Jana Danardo on Fishkill

When Kim first suggested this blog idea, I was very excited. I’ve lived a lot of places, but we settled on the delightful, evocatively named Fishkill, NY for me to talk about. It’s been some time since I lived there. I was a different person then, on a rigorous, almost killer, career track from which I’ve since diverged. I was young, in my twenties, but what made me so interested in this little Hudson Valley River town hasn’t changed in the intervening years: History. At no point in my life have I not loved history, and Fishkill swims in it, pun intended.


The first thing upon arrival I had to find out why it was named Fishkill, since it couldn’t mean what PETA assumed it meant (seriously, they petitioned to make the town change its name to something animal friendly). ‘Kil’ is actually Dutch for stream or creek, and you’ll find many New York towns with ‘kill’ in them. Growing up in Pittsburgh with its heavy Italian and Polish influences, I knew little more about the Dutch settlers other than they were some of the first people to immigrate to America.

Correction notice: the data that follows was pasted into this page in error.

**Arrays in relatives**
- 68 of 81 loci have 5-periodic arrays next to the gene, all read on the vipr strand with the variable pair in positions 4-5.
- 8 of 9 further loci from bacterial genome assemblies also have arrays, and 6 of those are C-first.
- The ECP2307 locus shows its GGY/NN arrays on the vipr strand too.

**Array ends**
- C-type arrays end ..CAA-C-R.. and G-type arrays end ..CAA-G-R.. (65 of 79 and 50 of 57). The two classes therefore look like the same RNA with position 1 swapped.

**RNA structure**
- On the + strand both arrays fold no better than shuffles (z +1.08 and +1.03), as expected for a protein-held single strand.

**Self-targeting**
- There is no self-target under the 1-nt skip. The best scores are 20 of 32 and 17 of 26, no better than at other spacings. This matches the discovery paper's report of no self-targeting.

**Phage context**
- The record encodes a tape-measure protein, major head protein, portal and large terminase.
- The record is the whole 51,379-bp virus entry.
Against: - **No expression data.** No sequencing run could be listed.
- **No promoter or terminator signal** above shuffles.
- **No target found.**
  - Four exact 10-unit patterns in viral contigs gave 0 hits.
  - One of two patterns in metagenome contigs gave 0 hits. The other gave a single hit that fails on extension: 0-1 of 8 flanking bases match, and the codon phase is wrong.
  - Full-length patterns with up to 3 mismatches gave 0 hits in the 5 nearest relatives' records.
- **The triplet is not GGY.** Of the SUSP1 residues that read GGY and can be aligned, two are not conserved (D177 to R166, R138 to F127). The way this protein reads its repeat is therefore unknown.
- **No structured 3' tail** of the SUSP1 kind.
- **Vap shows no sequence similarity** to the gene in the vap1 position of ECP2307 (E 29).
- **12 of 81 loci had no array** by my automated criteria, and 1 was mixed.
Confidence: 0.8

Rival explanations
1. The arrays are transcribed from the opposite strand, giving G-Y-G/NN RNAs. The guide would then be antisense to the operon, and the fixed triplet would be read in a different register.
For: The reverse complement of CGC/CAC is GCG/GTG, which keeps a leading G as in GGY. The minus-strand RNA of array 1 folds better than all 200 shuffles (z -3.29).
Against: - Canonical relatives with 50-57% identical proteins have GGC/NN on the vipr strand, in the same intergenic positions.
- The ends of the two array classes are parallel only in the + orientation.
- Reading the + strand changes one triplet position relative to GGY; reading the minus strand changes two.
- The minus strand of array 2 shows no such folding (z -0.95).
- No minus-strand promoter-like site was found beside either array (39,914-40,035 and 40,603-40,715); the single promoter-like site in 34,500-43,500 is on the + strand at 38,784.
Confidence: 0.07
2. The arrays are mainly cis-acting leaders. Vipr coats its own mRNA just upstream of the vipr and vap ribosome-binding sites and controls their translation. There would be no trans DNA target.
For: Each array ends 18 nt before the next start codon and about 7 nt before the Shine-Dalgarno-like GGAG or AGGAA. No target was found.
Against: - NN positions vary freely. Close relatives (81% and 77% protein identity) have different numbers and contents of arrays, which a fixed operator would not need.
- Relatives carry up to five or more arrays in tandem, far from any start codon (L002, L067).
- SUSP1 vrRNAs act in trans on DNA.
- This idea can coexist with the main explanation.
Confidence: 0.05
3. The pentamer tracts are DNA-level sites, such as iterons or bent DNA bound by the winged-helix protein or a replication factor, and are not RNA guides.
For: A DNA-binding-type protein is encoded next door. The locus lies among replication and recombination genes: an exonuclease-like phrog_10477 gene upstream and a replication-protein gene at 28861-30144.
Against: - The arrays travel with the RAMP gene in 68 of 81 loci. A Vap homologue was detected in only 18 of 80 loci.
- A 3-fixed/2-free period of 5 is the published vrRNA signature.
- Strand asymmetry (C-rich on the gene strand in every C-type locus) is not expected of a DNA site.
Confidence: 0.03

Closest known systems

At the time, I had learned very little about the Dutch beyond the fact they had gotten the land that Fishkill occupied from the Wappinger Indians, and found out even less about the Wappingers. However, the Dutch left their fingerprints all over this part of New York, including what became for me the touchstone of the town: The First Reformed (Dutch) Church.


Not only was the architecture alluring, it had a cemetery that was, for this country, very old. Many of the gravestones were in Dutch and had wonderful artwork on them, remarkably well-preserved in the sandstone.